Once I had recorded a call 'on this Computer', Zoom saved the recording in a folder on my computer. After a short processing time, this folder opened on my screen automatically so I didn't have to go digging to find the file.

If you have a paid account and choose to record to the cloud instead, Zoom will send you an email with a link to the cloud-based file.

The recorded call includes your screen sharing, your own video, and your prospect’s video. I noticed that the recording of my screen was slightly pixelated and the colours were a bit washed out — however, the latency was extremely good, and the screen-share and video were perfectly synced with no delays.

Our Verdict: Extra features

Score: 4 / 5 stars

So, are these extra features particularly compelling? Well, yes! Both are useful and seem to work pretty smoothly. Marks lost for the misleading link formatting and for not asking the recipient permission to record.

Security and privacy

Zoom has had multiple well-documented issues with security and privacy.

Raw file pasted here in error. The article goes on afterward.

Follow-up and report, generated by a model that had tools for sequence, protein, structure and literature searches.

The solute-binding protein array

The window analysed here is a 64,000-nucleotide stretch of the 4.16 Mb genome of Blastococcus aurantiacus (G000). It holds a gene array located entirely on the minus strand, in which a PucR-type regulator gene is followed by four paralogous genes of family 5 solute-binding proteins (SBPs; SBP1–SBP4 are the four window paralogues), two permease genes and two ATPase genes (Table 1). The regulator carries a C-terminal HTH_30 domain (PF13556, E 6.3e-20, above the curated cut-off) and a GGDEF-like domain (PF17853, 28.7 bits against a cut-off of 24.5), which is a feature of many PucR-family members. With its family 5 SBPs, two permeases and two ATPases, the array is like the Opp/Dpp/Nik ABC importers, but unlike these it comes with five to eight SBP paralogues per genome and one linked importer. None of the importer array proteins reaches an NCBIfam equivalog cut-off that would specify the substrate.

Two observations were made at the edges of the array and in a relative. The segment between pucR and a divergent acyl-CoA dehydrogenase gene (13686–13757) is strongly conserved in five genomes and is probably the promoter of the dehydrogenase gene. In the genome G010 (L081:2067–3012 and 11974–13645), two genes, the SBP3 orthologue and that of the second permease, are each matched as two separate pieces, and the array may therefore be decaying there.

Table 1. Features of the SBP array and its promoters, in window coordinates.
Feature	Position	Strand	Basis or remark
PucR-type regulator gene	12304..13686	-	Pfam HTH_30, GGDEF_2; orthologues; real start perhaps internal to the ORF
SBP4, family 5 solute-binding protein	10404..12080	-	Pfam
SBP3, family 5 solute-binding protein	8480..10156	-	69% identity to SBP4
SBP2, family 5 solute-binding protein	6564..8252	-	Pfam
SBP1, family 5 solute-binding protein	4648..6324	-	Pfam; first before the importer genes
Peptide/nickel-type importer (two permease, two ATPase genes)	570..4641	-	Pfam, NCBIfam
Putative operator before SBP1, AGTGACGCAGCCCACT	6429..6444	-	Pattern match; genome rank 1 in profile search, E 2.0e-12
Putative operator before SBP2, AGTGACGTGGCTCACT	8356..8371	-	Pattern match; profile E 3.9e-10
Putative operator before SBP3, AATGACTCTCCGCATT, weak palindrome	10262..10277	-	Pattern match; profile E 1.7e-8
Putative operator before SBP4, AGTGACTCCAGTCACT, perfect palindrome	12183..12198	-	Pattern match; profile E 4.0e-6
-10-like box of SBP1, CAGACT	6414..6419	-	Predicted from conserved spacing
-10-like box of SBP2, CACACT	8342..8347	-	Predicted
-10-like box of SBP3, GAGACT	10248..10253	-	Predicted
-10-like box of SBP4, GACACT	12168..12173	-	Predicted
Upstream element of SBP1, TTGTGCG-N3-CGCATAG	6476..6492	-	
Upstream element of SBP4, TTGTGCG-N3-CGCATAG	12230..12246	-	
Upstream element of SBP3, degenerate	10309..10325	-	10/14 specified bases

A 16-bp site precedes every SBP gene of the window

Some versions of the app installer have been found to have malware embedded in them if not downloaded directly from Zoom.

Zoom has said that its calls were end-to-end encrypted when they weren’t.

At one point, the Zoom app sent user data to Facebook without disclosing that it was doing so in its Privacy Policy.  

That said, the company has been quite proactive and transparent in addressing these faults quickly, with the CEO recently announcing they would pause work on all new features to focus on security.

There are two key things you can do to ensure that Zoom is still safe for you and your prospects to use:

  • Ensure you are always using the most recent and up-to-date version of the Zoom app. The app should automatically check for updates when it launches. If you’re not sure whether you have the latest version, you can re-install the app completely — remembering that the safest place to download the installer is directly from Zoom.